The monitor began to squawk. It’s one of those things parents often use for listening to the breathing of their child in the next room, only this time it was the other end of the age spectrum and the sound emanating from the monitor wasn’t the labored breathing of a youngster with a cold, rather it was the singing of three sisters as the fourth, quite frankly, lay on her death bed, her face white and drawn, cheeks growing colder to the touch. They used to be a quartet. On this day they were a trio. And how they could sing. And how they could sing now was unfathomable to us brothers-in-law – a room away – as we listened to our wives’ faltering voices.
Something else that is, or at least should be, unfathomable to me, especially at this season of the year, is how peevish and easily perturbed, picayune and perspective-less we can sometimes become. Yes, the economy is tanking, the stack of unpaid bills are mounting, Christmas is coming, there’s a frustrating-hard-to-find-after-several-attempts-leak-in-the-ceiling and there’s another storm coming so once more it’ll be hard-downpour-raining and in spite of all we’ve to be thankful for it is too often showering burdens not blessings.
“Going Home” – the article early-on Thanksgiving Week (Patch, Suburban Times) that attempted to bring into focus the various emotions experienced this time of year – including what has become a protracted yet poignant good-bye of three sisters to a fourth – was aired on a local radio station on Thanksgiving Eve. Host Mike Lonergan (“The Lonergan Program”, KLAY Radio, 1180 – scroll to 00:46:55) introduced the recitation that he had requested to read with what amounted to symbolical references to rain – a community expressing its unhappiness over being flooded with traffic, inundated by trains, and otherwise drenched in a downpour of mistreatment – perceived or real. But then Lonergan interjected, as we listeners huddled around the radio, “This I am about to read is not about that. It’s about us. It’s about what really matters most in life.”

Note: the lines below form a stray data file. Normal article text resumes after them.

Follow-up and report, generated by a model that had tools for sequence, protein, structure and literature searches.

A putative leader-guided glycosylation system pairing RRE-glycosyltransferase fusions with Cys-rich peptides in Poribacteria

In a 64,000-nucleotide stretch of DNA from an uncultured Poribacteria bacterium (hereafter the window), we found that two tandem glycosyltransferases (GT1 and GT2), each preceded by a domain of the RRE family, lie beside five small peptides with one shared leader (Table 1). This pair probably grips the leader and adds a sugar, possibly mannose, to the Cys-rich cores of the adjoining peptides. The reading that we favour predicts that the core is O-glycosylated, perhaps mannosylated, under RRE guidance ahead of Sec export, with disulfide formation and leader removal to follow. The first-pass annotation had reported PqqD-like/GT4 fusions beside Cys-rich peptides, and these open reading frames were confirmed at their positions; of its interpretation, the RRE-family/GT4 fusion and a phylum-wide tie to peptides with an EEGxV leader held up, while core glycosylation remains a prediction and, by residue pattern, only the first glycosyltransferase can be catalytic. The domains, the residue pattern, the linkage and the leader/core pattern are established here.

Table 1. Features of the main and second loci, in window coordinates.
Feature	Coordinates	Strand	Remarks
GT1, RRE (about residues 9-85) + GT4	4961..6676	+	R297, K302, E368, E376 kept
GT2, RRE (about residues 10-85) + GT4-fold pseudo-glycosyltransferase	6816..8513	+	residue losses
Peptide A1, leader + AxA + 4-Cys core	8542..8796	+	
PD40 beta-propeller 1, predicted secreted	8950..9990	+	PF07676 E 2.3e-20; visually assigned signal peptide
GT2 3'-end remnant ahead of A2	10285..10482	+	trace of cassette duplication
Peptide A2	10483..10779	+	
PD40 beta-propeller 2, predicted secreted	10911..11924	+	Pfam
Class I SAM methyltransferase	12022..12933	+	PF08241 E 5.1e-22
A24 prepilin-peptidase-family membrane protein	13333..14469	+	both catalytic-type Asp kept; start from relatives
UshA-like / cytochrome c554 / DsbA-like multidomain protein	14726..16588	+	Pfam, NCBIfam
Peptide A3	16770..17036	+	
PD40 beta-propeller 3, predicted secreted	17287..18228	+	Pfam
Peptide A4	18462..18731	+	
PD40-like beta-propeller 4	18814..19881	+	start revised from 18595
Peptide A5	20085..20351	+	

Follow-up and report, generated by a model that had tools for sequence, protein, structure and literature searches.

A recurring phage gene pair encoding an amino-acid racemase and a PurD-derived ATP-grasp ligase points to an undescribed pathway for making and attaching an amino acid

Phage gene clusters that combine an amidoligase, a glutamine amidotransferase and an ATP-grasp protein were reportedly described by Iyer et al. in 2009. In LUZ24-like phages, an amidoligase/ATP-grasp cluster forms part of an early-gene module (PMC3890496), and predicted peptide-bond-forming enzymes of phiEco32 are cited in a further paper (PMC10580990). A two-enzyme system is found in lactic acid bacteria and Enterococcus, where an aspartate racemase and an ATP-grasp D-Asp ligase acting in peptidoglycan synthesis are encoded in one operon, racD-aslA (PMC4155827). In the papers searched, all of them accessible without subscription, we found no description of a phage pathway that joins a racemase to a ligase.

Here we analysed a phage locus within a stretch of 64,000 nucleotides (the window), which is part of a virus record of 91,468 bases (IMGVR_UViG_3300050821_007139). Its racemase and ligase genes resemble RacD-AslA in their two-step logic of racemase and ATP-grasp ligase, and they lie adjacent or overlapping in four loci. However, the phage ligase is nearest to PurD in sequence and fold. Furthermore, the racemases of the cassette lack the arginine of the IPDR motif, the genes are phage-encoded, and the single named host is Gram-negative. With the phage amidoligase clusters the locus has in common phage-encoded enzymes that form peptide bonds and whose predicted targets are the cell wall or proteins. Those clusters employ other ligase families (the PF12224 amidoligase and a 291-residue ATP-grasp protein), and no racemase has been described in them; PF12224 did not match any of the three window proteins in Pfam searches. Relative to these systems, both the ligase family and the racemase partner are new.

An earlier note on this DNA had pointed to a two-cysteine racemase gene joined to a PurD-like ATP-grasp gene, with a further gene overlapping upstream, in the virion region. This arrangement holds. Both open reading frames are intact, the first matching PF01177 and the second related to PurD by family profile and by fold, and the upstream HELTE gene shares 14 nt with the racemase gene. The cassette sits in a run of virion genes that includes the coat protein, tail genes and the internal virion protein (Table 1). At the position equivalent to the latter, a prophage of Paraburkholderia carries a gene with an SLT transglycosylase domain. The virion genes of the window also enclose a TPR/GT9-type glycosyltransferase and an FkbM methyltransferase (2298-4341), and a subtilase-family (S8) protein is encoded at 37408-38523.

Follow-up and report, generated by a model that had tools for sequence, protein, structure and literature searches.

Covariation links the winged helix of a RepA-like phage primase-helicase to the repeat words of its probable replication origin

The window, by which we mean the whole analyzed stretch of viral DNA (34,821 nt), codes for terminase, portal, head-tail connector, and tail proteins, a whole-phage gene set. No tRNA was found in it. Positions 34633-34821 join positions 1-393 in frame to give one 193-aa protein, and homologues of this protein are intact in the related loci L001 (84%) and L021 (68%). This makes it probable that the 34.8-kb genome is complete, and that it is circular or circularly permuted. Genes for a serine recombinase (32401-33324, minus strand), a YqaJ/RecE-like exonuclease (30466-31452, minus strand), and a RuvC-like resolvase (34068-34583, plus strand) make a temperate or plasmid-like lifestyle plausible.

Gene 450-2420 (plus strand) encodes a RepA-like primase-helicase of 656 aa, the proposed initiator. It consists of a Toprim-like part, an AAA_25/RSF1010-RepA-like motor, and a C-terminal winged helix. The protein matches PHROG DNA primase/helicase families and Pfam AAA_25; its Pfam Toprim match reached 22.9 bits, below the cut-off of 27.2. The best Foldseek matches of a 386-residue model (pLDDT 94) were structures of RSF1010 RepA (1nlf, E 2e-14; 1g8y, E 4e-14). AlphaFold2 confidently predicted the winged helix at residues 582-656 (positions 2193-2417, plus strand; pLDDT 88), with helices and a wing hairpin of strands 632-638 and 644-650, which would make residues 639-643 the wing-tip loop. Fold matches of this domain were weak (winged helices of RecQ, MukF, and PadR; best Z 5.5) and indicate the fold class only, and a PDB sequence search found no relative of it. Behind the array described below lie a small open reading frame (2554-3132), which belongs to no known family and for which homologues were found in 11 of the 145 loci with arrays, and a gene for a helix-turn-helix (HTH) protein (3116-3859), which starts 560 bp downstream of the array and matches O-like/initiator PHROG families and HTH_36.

A company representative penned a request to adopt a family for the holidays. My sister wrote in that her plans for Thanksgiving were to continue her tradition of taking up residence for the evening to help in a shelter for battered women. Still others identified with having lost loved ones recently. “A good woman with a good heart who led a good life and was well-loved – what more can we ask for” wrote a local business owner upon the home-going of her “beautiful mother-in-law” who had passed away the previous Friday at age 86, and then added, “but it is never long enough, is it?”
And some, relating to the 16-year-old taken into Foster Care, shared their stories of those who had ‘landed on their doorsteps.’ One young man now grown “calls me daily trying to assuage his grief for not having done more for his dear mom,” the boy’s benefactor wrote, “remonstrating with himself” for being such a trouble to his mother during his rebellious teenage years.
“A history of abandonment,” is how a yet another middle-aged and single gal described the then-18-year-old who’d come to live with her a couple years back. Now most recently, having completed his GED, this college-bound young man wants to be adopted by the one who took him in, “thrilled to have a family of his own.”
“Homeward Bound” – December 14, 1965 – was written by the Simon half of Simon and Garfunkel who, upon finding himself sitting in a railway station half-way between the holidays of Thanksgiving and Christmas, put pen to paper as he thought about the “idyllic life” that was home, “the best time of my life.”
My sister is a free-lance journalist and related once covering a story in Belfair about a dentist who decided to dedicate his remaining years to the restoration of wild Chinook salmon on Hood Canal. He was very successful. When asked, ‘why salmon?’ she writes that he responded: “Watching the salmon return home to spawn makes me as happy as seeing my grandchildren walk through the door on Thanksgiving day. It’s that ‘coming home, going home, almost home, got to get home, want to be at home, that has me hooked.’”
“Given all those newly homeless and jobless and friendless who can’t find a welcoming ‘doorstep’ to call their own this Thanksgiving season,” observed one of those responding, and with the potential of “family as a powerful bond to bring healing to so many hurts,” eloquently wrote yet another, then perhaps there’s a place at our table, a seat by our fireside, a gift under our tree for someone less fortunate than us in our community.
Let it rain.